Thursday, November 27, 2008

Batch Cooking: Healthy Eating for the Lazy

I first discovered batch-cooking with the book Diet Simple, and I've been doing it for years now. You make a bunch of soup/stew, then freeze it in containers so you have a couple weeks of healthy lunch or dinners. Since my husband will go nowhere near my vegetable-laden stews, I eat mine at lunch. My current batch is eliciting a lot of oohs, ahhs, and "What's in that? It looks so good"s from my co-workers, so I thought I'd share. Basically, it's zucchini, (pre-cut) squash, white bean, bulgur, spinach, cans of diced tomatoes and chicken broth. The only hard part of this non-recipe is chopping the onion and slicing the zucchini. Other than that, get out your biggest pot, open the cans, and cut open the bags of organic veggies. The recipe is impossible to mess up. Note: the squash made this a bit too sweet. I'd use less next time or use carrots instead.

The nice thing about this recipe is that you can vary it easily. Make it more Italian by using tomatoes with Italian flavor and elbow noodles. Make it chili-like by using tomatoes with chili peppers, black beans, and chili powder and cumin. In fact, that's the batch I'm snacking on right now as I write this post: my tofu chili batch with black and kidney beans that I made a month ago. It's only 9 am and I'm already getting nutrients and phytochemicals. I added Mexican cheese and it's out of control good.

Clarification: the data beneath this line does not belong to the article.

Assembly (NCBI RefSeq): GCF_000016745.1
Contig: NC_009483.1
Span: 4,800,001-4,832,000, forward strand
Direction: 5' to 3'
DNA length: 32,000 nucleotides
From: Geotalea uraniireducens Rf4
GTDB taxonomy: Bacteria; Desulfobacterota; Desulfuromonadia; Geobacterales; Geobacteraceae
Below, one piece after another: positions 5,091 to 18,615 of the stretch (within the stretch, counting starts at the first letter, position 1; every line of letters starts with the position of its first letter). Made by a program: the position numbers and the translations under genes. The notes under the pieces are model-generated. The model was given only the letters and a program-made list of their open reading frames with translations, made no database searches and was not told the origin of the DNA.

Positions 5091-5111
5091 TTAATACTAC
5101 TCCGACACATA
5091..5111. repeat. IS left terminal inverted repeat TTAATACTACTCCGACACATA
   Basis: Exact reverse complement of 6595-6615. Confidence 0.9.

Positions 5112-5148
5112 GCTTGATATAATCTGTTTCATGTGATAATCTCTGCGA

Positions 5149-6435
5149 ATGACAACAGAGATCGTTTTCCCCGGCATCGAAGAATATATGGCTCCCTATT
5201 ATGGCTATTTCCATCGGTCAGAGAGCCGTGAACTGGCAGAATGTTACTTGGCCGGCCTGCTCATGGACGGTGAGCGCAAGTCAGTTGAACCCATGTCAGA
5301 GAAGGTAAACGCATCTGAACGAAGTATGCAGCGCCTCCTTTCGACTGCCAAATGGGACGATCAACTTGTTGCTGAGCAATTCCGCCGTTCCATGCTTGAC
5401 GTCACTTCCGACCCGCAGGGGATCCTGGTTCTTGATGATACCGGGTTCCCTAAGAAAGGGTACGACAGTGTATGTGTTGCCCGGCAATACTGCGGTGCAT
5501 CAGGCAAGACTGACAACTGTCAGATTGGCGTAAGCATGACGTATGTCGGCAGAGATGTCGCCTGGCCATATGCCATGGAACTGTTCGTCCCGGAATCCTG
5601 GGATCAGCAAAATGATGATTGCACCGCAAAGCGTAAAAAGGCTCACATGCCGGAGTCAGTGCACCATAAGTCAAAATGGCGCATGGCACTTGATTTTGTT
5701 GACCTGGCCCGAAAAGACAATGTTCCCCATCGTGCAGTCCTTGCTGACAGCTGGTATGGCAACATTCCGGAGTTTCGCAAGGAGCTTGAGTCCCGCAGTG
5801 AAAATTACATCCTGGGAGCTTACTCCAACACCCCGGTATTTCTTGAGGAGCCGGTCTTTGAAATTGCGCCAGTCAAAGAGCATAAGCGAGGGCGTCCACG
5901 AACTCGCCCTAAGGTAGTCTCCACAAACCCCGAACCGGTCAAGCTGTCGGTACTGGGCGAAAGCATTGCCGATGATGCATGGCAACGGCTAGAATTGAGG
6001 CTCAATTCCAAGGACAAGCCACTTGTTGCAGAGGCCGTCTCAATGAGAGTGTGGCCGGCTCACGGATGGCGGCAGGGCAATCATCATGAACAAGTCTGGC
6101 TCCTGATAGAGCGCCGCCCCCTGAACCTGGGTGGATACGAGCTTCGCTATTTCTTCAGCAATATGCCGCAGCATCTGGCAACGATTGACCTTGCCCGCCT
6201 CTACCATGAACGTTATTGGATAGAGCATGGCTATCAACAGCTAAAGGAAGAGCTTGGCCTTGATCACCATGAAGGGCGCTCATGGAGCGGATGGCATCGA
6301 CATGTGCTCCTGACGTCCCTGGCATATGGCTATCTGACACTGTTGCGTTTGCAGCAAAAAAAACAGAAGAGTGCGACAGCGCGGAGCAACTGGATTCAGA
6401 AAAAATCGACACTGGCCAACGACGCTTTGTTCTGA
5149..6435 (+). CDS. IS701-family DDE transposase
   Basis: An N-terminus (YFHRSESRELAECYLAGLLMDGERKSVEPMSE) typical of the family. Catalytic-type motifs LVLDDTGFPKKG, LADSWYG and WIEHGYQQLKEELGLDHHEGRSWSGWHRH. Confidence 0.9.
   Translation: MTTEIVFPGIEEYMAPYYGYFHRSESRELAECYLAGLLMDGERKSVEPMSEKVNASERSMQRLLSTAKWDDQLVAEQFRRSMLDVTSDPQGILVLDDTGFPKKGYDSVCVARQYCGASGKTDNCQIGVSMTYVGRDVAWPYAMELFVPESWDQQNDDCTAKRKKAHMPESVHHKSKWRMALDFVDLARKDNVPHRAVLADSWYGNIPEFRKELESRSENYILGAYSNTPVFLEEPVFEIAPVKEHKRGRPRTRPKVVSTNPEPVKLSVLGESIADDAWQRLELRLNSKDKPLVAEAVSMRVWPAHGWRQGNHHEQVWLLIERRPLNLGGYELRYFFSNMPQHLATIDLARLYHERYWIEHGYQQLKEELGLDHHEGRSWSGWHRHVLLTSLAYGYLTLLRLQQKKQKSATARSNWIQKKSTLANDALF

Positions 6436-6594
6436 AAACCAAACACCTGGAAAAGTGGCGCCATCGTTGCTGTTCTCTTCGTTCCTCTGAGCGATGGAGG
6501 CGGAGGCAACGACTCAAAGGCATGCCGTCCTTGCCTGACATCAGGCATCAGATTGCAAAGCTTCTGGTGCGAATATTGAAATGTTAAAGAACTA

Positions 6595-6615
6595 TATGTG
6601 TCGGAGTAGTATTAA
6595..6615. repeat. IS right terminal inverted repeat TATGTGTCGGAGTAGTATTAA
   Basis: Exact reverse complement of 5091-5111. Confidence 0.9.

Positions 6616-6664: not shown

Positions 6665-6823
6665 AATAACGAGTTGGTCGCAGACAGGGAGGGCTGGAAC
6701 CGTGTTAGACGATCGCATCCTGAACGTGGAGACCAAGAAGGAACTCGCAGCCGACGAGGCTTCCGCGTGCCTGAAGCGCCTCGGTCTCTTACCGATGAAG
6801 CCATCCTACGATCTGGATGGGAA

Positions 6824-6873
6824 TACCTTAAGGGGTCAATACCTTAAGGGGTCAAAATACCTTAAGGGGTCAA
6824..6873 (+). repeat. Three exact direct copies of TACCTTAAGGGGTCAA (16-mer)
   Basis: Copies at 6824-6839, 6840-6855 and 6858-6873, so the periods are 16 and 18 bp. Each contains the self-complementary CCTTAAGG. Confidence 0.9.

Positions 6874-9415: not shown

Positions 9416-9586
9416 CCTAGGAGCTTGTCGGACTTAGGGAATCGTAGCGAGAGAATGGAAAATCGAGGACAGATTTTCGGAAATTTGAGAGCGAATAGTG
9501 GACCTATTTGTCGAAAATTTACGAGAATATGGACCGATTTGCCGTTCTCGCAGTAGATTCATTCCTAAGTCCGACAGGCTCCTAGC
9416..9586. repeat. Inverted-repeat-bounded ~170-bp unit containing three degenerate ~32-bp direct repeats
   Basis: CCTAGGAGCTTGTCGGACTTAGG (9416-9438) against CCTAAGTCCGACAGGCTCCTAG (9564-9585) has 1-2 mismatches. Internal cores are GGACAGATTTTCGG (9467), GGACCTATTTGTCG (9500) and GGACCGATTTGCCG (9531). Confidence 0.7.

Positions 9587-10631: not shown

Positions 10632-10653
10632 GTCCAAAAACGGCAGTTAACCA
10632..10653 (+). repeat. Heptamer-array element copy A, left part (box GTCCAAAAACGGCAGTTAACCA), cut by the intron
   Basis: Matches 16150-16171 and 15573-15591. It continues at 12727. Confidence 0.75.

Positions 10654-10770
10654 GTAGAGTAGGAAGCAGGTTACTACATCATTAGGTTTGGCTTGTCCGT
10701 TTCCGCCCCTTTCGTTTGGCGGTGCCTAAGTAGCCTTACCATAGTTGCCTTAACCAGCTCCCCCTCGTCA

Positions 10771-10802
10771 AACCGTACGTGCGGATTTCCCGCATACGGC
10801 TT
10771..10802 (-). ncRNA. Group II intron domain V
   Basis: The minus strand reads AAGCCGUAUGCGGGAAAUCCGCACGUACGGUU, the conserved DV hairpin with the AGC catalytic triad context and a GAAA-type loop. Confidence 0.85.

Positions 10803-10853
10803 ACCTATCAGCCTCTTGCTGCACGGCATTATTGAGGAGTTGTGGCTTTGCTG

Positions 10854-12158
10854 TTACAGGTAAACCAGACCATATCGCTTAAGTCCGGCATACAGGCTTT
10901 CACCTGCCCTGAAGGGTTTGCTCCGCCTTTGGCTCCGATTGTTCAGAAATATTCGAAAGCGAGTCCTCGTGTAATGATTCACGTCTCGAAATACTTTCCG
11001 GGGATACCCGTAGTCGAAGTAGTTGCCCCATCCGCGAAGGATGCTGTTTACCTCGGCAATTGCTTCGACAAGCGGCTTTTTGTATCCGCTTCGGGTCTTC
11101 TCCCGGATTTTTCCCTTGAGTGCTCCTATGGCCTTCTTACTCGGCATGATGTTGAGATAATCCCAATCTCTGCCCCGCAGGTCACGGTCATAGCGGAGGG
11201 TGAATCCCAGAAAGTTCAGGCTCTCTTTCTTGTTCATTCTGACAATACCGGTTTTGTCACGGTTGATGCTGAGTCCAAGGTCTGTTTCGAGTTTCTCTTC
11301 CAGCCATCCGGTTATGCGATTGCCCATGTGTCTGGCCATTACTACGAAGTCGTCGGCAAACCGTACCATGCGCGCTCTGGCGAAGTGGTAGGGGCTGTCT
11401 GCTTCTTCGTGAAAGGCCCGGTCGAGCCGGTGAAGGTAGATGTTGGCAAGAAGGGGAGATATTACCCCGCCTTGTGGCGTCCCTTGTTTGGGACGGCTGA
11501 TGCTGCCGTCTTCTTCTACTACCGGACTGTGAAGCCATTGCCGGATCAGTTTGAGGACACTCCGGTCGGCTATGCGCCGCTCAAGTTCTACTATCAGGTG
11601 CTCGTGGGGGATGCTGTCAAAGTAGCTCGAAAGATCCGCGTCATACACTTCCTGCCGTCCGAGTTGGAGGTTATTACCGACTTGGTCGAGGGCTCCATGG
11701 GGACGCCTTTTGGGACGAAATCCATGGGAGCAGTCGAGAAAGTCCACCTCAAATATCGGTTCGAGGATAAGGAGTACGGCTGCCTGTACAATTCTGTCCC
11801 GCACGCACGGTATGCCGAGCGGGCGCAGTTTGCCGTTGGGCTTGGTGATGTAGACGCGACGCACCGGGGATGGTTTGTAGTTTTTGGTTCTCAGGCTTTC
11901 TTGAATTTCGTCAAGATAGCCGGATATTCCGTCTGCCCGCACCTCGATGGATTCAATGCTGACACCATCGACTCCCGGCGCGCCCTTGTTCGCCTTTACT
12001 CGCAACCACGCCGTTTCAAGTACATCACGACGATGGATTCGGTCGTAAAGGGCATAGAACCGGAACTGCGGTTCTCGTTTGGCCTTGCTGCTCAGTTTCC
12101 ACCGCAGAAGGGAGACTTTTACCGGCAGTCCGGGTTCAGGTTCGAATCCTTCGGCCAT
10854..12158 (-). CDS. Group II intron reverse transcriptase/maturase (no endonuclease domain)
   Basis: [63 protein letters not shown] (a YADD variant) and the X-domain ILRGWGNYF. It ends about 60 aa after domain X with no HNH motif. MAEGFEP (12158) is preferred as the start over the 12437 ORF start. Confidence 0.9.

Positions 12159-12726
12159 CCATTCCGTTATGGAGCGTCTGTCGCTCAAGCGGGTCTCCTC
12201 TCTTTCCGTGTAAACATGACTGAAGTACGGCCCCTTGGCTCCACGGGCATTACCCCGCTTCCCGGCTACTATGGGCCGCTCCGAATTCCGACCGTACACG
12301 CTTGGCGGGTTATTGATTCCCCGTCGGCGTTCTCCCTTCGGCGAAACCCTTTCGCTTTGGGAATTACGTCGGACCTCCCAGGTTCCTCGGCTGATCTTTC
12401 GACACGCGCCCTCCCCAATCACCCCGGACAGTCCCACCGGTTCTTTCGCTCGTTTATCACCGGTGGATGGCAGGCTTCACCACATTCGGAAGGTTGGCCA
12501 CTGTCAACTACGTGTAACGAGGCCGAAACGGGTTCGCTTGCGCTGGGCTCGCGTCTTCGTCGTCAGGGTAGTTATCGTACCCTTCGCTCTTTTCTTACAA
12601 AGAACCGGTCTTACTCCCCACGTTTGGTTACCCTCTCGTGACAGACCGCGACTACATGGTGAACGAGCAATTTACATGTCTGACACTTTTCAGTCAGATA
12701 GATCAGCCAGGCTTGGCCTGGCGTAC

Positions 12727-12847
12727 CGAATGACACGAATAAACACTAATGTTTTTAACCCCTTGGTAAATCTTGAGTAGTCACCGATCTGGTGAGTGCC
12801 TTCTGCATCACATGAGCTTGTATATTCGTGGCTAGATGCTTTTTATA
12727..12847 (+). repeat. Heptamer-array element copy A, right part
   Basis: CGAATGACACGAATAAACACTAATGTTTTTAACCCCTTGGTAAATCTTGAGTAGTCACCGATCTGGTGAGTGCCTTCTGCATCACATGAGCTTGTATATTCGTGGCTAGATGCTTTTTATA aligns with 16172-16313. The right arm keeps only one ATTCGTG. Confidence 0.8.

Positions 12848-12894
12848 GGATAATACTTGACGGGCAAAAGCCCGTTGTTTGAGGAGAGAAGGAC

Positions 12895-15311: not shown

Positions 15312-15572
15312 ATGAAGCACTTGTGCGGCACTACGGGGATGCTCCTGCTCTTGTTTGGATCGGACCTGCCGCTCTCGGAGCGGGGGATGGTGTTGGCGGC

Basic recipe:
1. Chop onion, slice a few zucchini (anywhere from 2-5).
2. Saute onion a minute or two, toss in zucchini, stir, saute a few minutes.
3. Dump in a can or two of flavored diced tomatoes, flavor of your choice.
4. Dump in as much chicken broth as you want. If you're using potatoes or squash, let it boil lightly on medium for 20 minutes. Or 30, whatever works.
5. When you have like ten minutes left of cooking, add the bulgur wheat. This grain is super-high in protein and cooks as easily as pasta. Boil it lightly for a minute or two, then turn it to simmer for 10 minutes. Or 20 if you get distracted.
6. Throw in a block of frozen organic spinach. Simmer for 5 minutes or until melted.
7. Turn off burner, remove pot from heat, let cool for 30 minutes or an hour or whatever.
8. Put into containers and freeze. Should make 8 or more 2 cup portions.

Another nice thing about this recipe is that you need very few fresh ingredients, so you can kind of make it whenever, without much planning. The zucchini, though, is pretty key for me, and I never make these soups without it. If organic red peppers were not $9 a pound, I'd include those. I've been going organic on red peppers, apples, spinach and strawberries since those are among the highest in pesticide.

I used to include more meat in these, but I've been feeling grossed out by reheated meats in the past year or so, so I no longer include turkey burger in my chili or diced turkey in my white bean soup. It's not worth the skeevy factor to me.

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